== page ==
Friday, June 22, 2007


My dear friend Wanda is in the midst of one of those nightmare travel scenarios. Too long a story to tell - suffice to say she is, as of this moment, still in NYC (perhaps even still at JFK). Please everyone, send good thoughts her way so that she gets out on a flight tonight. And bless my dear cousins Heidi and David for being in contact with her and offering her a comfortable and comforting place to stay. She/we have planned so long for this adventure together I must assume I will see her tomorrow afternoon.

My plan was to have breakfast, run some errands and then go to the airport to greet Wanda. Instead, I did some marketing - there's a lovely fruit and vegetable and fish market right in San Vio (moments away) every Tuesday and Friday - and then ventured out to new areas. More in a moment...

I've had an opportunity to spend a bit of time with Contessa Anna da Schio who owns this palazzetto. Her family has been in this region since - get ready for this - the year 1000. Is that amazing?? The family purchased this house in the - get ready again - 16th Century. Her brother was born upstairs. Her father was a landowner - her brother now grows grapes and makes wine on the family land and her mother still lives in the country near here. She lives, of course, in the piano nobile which is very beautiful. I hope to hear more of her story in the next two weeks.

And a word about the gentlemen at Le Forcole before I forge on. Thanks to the fact that Chris wanted some postcards, we finally went in and chatted with both Severio Pastor and his young apprentice. Severio has been carving forcole for 32 years and has only one apprentice at a time. This young man - of Venetian heritage and very, very blond - has been with him for two and a half years. When I asked how much longer he had to go, Severio answered for him - "25 years!" Everyone laughed but I have a feeling it may not be far from true. Neither the teacher nor the student has carving in his family but it is clear they love their work with all their hearts. When I told Severio I live in Hawai'i, he immediately asked if we fear rising ocean levels the way the Venetians do. Ah, Island people have a camaraderie like no others. We talked about global warming, "acqua alta" ("high water") which is a daily concern in Venice, and his art. I'm hoping to work up the nerve to ask if I can write a short story about his apprentice whose name, I'm ashamed to say, I don't yet know. I do walk by the studio at least three or four times a day and am always greeted with a very friendly, "ciao ciao." By the way, there are a total of THREE CARVERS in all of Venice that sculpt forcole. I am now acquainted with two of them.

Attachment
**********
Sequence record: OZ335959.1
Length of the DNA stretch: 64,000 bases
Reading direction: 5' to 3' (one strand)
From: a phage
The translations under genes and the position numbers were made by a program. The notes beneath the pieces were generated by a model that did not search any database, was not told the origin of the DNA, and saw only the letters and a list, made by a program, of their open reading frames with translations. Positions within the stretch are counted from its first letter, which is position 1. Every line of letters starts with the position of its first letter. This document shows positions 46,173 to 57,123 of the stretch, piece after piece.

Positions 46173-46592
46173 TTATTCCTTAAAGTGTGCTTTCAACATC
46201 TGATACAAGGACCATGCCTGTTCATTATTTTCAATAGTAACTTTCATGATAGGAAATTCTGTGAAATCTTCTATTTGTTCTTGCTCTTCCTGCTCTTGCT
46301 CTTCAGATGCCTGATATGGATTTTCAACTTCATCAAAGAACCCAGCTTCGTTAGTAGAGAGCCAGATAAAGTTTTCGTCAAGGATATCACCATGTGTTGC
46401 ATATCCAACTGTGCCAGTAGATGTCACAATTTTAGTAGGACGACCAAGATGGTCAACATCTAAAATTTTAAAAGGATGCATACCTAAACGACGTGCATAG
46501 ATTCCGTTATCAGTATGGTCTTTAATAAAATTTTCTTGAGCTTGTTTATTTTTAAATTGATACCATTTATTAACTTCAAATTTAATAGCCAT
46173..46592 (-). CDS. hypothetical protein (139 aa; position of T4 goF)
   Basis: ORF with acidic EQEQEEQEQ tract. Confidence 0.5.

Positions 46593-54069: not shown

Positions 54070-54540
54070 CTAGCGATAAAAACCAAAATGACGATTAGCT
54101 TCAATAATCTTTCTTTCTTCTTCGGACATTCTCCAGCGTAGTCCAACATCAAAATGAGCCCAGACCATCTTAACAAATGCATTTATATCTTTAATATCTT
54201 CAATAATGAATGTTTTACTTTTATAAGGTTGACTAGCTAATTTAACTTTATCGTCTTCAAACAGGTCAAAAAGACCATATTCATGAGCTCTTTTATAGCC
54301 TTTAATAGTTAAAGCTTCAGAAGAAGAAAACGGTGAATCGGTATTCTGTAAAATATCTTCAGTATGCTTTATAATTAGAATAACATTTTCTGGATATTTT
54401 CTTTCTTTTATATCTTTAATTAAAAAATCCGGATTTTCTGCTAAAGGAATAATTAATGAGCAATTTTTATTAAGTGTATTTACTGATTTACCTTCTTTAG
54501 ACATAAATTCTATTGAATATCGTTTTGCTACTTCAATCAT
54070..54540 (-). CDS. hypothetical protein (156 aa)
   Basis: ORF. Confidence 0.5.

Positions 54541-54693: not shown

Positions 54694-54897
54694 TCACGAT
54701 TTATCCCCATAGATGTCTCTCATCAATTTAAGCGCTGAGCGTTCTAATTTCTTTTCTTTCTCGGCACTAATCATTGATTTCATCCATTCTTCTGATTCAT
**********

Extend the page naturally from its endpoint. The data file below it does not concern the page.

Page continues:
People say that one of the joys of Venice is wandering and getting lost. The city is, after all, a series of islands so eventually you reach the water - yes, that island thing again... What I have found daily - first with Marcia and then with Chris - is that you can follow the map to the best of your ability but at some point you give it up to the universe/whomever and you always find what you're looking for.

First, I was determined to find a wine/cichetti bar (cichetti are the Venetian equivalent of tapas) which was unanimously recommended. Cantinone Gia Schiavi is very near to here and as marvelous as all the reviews. I loved having a glass of wine at 11:00 in the morning (!!) and the cichetti - I chose pistachio mousse and sweet squash puree on top of soft cheese - were so delicious I can't wait to go back.

I was also determined to find Vizio Virtu, Venice's premier chocolatier. I am, of course, extremely biased in favor of my family's own JoMart chocolates, but having said this, Vizio Virtu is a little gem of a shop with very interesting flavors - I shall soon try the Sigmund Freud which is flavored with tobacco. I should tell you I walked and walked and walked and asked and asked and asked trying to find this place. I finally gave up and then, of course, walked right to it on the way to the vaporetto.

Same thing happened with another Biennale installation, the Ukrainian Pavilion ("A Poem about and Inland Sea") at Palazzo Papadopoli. No coincidence, I'm sure, that the most blue-collar, working class exhibit is installed in the most ornate of the palazzi I've seen so far. Yes, I have photos - I need to "work" on them and will post.

I have a confession to make. I've learned how to work the satellite TV and I'm watching CNN, BBC World, and CNBC Europe. So sue me...

Buona notte...

P.S. I'm putting up a photo down below of either the last or one of the last gondola workshops in the city at San Trovaso.

1 comment:

Madge Walls said...

Bonnie, I was tickeled to learn about forcole. Can a person buy one as a souvenir? I suppose that would be sacrilege, and that all that are carved are snapped up by the gondola owners, or perhaps are carved to order. Anyway, when I learn about something new, something that I had no idea even existed, I consider it a great day. Grazie! I can just see you strolling by the workshop and exchanging twinkling smiles and greetings.

I, too, have been wondering if people in Hawaii are concerned about rising sea levels. Hawaii is the first place I think about when I listen to GW discussions on NPR.